Obama’s farewell also recounted his legacy, his greatest social and economic achievements, foreign policy successes without new major wars, and challenged Republicans to find ways to improve Obamacare without ending coverage to 20 million Americans who now have health insurance. But like his greatest speeches from the 2008 presidential campaign or two terms, Obama spent an inordinate amount of time focused on the idea of what it means to be an American.

That idea, which he said was threatened by widening economic inequality, by knee-jerk racism and grievance-based politics, began and was steeped in communitarian values, he said, such as faith, family, dignified work, shared notions of the common good and a belief in participatory democracy.

“It was on these streets where I witnessed the power of faith, and the quiet dignity of working people in the face of struggle and loss,” Obama said, early in his speech, as he laid a foundation explaining his values and philosophy. “This is where I learned that change only happens when ordinary people get involved, get engaged, and come together to demand it. After eight years as your president, I still believe that. And it’s not just my belief. It’s the beating heart of our American idea—our bold experiment in self-government.”

But Obama reminded Americans and deflated Democrats that the arc of progress is never a straight line, but filled with setbacks.

“For every two steps forward, it often feels we take one step back,” he said, referring to the election results. “But the long sweep of America has been defined by forward motion, a constant widening of our founding creed to embrace all, and not just some… We remain the wealthiest, most powerful, and most respected nation on Earth. Our youth and drive, our diversity and openness, our boundless capacity for risk and reinvention mean that the future should be ours. But that potential will be realized only if our democracy works. Only if our politics reflects the decency of the our people.  Only if all of us, regardless of our party affiliation or particular interest, help restore the sense of common purpose that we so badly need right now.”

With that last phrase—“that we so badly need right now”—Obama began to steer his remarks toward a criticism of Trump and the destructive politics that fueled his election. In a way that Hillary Clinton never quite could, Obama started challenging Trump with her 2016 campaign slogan, “stronger together,” and then laid out the platform to politically retake the country.

“Understand democracy does not require uniformity,” he said, returning to first principles. “Our founders quarreled and compromised, and expected us to do the same. But they knew that democracy does require a basic sense of solidarity—the idea that for all our outward differences, we are all in this together; that we rise or fall as one.”

Citing economic inequality as one issue the country must address, Obama said there were not “quick fixes,” but then warned against imaginary enemies from abroad—like Trump’s scapegoats. “I agree that our trade should be fair and not just free. But the next wave of economic dislocation won’t come from overseas. It will come from the relentless pace of automation that makes many good, middle-class jobs obsolete.”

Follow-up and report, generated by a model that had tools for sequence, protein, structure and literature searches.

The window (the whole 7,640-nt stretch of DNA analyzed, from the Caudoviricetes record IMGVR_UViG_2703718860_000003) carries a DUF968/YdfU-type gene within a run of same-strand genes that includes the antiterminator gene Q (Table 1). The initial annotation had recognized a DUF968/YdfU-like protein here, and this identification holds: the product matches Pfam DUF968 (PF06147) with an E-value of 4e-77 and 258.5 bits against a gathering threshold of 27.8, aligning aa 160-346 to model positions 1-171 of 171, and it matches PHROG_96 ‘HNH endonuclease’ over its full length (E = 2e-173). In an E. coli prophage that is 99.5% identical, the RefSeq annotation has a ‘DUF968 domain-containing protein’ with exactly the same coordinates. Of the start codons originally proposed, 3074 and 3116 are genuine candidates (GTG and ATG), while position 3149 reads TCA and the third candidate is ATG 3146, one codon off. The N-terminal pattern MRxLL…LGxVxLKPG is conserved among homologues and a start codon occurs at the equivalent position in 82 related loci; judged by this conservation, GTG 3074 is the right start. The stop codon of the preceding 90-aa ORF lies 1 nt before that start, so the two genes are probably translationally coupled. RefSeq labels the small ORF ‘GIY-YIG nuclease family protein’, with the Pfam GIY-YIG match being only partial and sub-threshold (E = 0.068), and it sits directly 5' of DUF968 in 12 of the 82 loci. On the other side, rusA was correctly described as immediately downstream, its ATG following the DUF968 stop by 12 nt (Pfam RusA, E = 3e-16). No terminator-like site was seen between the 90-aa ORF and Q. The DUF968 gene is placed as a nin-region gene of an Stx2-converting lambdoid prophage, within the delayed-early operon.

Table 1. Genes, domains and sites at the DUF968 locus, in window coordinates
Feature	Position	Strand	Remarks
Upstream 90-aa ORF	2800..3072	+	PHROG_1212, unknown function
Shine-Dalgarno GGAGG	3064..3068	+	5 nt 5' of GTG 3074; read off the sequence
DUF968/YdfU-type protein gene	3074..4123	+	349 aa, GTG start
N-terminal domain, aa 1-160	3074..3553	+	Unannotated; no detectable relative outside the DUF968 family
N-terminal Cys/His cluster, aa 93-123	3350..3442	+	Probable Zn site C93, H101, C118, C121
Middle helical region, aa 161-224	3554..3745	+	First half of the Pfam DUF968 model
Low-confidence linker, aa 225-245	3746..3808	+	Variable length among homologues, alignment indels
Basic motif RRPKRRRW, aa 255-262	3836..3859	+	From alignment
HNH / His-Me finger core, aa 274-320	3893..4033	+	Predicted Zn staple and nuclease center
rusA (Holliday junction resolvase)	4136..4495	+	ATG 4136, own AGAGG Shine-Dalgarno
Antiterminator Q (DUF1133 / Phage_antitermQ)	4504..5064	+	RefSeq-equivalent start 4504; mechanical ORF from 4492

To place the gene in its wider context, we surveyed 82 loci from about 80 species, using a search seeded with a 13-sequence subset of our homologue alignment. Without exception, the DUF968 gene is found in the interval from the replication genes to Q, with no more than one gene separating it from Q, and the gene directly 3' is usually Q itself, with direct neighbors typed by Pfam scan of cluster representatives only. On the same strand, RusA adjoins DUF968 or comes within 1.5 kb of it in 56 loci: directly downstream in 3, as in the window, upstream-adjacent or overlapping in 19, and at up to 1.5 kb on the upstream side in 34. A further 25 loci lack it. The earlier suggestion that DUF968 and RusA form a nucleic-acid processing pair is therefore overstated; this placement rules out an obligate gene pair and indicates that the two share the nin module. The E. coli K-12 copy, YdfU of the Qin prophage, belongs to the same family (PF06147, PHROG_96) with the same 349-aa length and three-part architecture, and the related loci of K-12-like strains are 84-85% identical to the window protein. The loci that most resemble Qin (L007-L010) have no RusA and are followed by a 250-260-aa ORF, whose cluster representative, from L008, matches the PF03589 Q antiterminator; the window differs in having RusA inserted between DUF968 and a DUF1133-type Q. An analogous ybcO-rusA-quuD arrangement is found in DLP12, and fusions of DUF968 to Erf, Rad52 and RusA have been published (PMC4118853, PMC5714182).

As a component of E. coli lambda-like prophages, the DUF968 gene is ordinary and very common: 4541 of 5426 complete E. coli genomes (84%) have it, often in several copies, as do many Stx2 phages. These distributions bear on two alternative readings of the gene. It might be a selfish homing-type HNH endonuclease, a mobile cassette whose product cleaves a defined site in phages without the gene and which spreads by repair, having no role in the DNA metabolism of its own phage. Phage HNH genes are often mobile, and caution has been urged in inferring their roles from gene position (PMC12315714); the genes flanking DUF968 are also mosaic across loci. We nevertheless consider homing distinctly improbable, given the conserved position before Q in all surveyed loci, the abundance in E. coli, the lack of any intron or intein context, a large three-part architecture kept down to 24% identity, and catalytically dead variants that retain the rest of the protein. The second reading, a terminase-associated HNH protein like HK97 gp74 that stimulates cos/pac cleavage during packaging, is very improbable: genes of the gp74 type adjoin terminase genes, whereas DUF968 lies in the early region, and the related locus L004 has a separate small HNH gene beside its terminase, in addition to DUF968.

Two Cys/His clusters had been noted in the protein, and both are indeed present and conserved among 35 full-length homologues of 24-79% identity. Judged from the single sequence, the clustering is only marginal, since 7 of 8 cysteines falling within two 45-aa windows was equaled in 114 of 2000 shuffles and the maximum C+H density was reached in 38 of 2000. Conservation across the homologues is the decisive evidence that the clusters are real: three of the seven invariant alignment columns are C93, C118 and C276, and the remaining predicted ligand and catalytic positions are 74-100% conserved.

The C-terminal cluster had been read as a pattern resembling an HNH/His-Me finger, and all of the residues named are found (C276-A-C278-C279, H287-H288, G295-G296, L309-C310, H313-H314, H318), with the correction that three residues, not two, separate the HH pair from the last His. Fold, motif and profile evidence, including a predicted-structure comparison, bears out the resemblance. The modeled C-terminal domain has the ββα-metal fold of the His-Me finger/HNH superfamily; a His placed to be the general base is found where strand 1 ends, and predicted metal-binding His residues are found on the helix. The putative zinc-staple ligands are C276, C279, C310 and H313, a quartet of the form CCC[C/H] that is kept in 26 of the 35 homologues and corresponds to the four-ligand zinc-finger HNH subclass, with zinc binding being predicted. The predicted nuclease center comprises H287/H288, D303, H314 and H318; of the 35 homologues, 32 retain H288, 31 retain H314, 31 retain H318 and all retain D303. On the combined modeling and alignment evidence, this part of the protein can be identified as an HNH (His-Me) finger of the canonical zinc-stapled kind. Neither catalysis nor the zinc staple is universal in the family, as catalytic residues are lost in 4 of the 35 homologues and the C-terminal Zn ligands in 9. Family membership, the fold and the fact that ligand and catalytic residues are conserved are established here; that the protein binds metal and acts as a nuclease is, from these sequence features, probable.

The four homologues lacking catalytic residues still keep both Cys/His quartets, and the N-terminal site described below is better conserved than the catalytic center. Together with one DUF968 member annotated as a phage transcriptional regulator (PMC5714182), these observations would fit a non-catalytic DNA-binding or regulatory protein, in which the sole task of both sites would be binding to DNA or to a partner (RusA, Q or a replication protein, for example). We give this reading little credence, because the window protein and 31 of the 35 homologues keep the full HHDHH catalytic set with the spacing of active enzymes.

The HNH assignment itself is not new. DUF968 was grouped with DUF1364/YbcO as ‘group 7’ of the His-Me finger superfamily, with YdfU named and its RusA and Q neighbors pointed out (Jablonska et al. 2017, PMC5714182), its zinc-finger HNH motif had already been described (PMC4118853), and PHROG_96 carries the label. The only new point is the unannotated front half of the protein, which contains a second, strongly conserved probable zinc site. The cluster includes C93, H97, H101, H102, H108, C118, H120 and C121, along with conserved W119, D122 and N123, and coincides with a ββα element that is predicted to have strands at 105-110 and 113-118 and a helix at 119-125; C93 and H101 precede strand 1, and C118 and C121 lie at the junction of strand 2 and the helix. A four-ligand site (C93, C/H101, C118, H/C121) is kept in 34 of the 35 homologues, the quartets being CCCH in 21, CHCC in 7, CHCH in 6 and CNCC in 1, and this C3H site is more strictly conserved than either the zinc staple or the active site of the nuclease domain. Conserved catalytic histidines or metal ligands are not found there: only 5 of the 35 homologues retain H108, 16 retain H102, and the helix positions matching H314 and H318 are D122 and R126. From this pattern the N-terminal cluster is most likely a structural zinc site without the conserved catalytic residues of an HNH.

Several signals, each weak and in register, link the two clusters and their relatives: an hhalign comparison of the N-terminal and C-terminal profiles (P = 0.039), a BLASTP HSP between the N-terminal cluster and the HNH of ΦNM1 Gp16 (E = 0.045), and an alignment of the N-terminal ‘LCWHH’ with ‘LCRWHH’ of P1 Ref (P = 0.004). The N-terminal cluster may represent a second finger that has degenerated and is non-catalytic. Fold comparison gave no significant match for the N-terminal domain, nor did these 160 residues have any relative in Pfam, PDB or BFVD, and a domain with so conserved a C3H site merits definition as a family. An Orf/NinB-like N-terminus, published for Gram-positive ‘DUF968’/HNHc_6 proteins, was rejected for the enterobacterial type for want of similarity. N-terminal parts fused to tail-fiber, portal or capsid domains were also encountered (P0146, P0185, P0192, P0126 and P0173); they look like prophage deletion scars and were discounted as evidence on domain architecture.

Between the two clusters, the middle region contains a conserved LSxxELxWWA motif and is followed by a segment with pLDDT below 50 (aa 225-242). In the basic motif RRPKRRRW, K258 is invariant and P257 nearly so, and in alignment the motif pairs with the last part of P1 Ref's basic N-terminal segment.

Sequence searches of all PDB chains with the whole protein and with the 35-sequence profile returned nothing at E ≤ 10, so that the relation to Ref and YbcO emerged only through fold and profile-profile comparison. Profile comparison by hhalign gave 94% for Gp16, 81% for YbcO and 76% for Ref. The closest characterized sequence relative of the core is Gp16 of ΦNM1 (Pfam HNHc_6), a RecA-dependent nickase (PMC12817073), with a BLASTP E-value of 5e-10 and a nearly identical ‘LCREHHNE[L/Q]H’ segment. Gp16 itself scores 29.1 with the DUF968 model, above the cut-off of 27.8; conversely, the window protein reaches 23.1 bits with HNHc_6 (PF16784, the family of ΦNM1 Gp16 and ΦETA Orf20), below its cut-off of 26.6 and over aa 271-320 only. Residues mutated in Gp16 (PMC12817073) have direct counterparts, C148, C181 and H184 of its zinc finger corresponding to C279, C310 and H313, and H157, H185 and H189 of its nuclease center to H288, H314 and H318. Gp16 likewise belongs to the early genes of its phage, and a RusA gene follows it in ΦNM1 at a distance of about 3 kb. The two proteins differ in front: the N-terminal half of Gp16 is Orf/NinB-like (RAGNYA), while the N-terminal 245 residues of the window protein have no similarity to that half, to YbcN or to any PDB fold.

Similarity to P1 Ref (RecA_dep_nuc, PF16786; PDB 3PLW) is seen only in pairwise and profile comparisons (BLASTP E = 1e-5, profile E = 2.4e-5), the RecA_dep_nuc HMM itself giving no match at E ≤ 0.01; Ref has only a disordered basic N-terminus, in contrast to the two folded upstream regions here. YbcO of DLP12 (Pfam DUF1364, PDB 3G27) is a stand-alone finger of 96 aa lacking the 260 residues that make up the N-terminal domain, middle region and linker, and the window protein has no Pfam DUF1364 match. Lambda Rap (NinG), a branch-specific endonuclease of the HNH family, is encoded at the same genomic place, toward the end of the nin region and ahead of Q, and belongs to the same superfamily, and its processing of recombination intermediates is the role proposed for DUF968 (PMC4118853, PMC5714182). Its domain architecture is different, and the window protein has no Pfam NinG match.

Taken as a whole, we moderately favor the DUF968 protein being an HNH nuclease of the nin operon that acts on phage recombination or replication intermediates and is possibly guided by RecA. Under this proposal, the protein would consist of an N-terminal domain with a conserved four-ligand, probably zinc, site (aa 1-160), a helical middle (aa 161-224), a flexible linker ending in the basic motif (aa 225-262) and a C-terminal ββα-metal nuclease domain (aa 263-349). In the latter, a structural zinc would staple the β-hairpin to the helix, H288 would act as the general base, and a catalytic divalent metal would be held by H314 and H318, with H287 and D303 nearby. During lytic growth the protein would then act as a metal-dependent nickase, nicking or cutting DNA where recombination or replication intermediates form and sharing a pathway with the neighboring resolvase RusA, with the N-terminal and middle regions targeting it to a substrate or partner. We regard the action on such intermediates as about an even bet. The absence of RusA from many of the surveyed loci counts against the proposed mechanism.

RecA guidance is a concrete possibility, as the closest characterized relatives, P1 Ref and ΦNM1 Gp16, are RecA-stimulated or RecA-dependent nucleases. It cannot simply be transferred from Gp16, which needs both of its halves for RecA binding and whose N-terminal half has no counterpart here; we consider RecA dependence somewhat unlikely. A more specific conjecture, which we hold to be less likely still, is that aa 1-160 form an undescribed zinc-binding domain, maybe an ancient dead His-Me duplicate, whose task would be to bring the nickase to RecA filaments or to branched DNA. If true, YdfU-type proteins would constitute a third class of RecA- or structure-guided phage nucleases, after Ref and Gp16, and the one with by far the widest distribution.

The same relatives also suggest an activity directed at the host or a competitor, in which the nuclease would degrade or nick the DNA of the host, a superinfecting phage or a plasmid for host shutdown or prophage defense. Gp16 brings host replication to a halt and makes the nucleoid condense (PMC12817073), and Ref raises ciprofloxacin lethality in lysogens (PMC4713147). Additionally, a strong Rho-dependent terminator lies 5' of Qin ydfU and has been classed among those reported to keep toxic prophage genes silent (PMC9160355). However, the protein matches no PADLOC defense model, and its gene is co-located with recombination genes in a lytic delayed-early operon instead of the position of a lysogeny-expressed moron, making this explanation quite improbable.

“And so we must forge a new social compact,” he continued, laying out the agenda to fight for and defend. “To guarantee all our kids the education they need; to give workers the power to unionize for better wages; to update the social safety net to reflect the way we live now and make more reforms to the tax code so corporations and individuals who reap the most from the new economy don’t avoid their obligations to the country that’s made their success possible.”

This new social compact must place race at the center of the discussion, Obama said, and not do what many Republicans have done, which is cite Obama’s presidency as evidence that the country has moved beyond race and no longer needed to pay attention to it.

“After my election, there was talk of a post-racial America,” he said. “Such a vision, however well-intended, was never realistic. For race remains a potent and often divisive force in our society… But we’re not where we need to be. All of us have more work to do. After all, if every economic issue is framed as a struggle between a hard-working white middle class and undeserving minorities, then workers of all shades will be left fighting for scraps while the wealthy withdraw further into their private enclaves.”

Obama quickly shifted to a fulsome defense of all immigrants. “If we decline to invest in the children of immigrants, just because they don’t look like us, we diminish the prospects of our own children,” he said, “because those brown kids will represent a larger share of America’s workforce. And our economy doesn’t have to be a zero-sum game.”

The idea of America that Obama espoused is not about the privileged and wealthier becoming yet more privileged and wealthier, but about immigrants and ordinary people rising. That class struggle, he said, transcends race and was a factor that unites people even if it forces them to think differently about their predicaments and their neighbors.

“For blacks and other minorities, it means tying our own struggles for justice to the challenges that a lot of people in this country face—the refugee, the immigrant, the rural poor, the transgender American, and also the middle-aged white man who from the outside may seem like he’s got all the advantages, but who’s seen his world upended by economic, cultural, and technological change.” Obama said. “For white Americans, it means acknowledging that the effects of slavery and Jim Crow didn’t suddenly vanish in the ‘60s; that when minority groups voice discontent, they’re not just engaging in reverse racism or practicing political correctness; that when they wage peaceful protest, they’re not demanding special treatment, but the equal treatment our Founders promised.”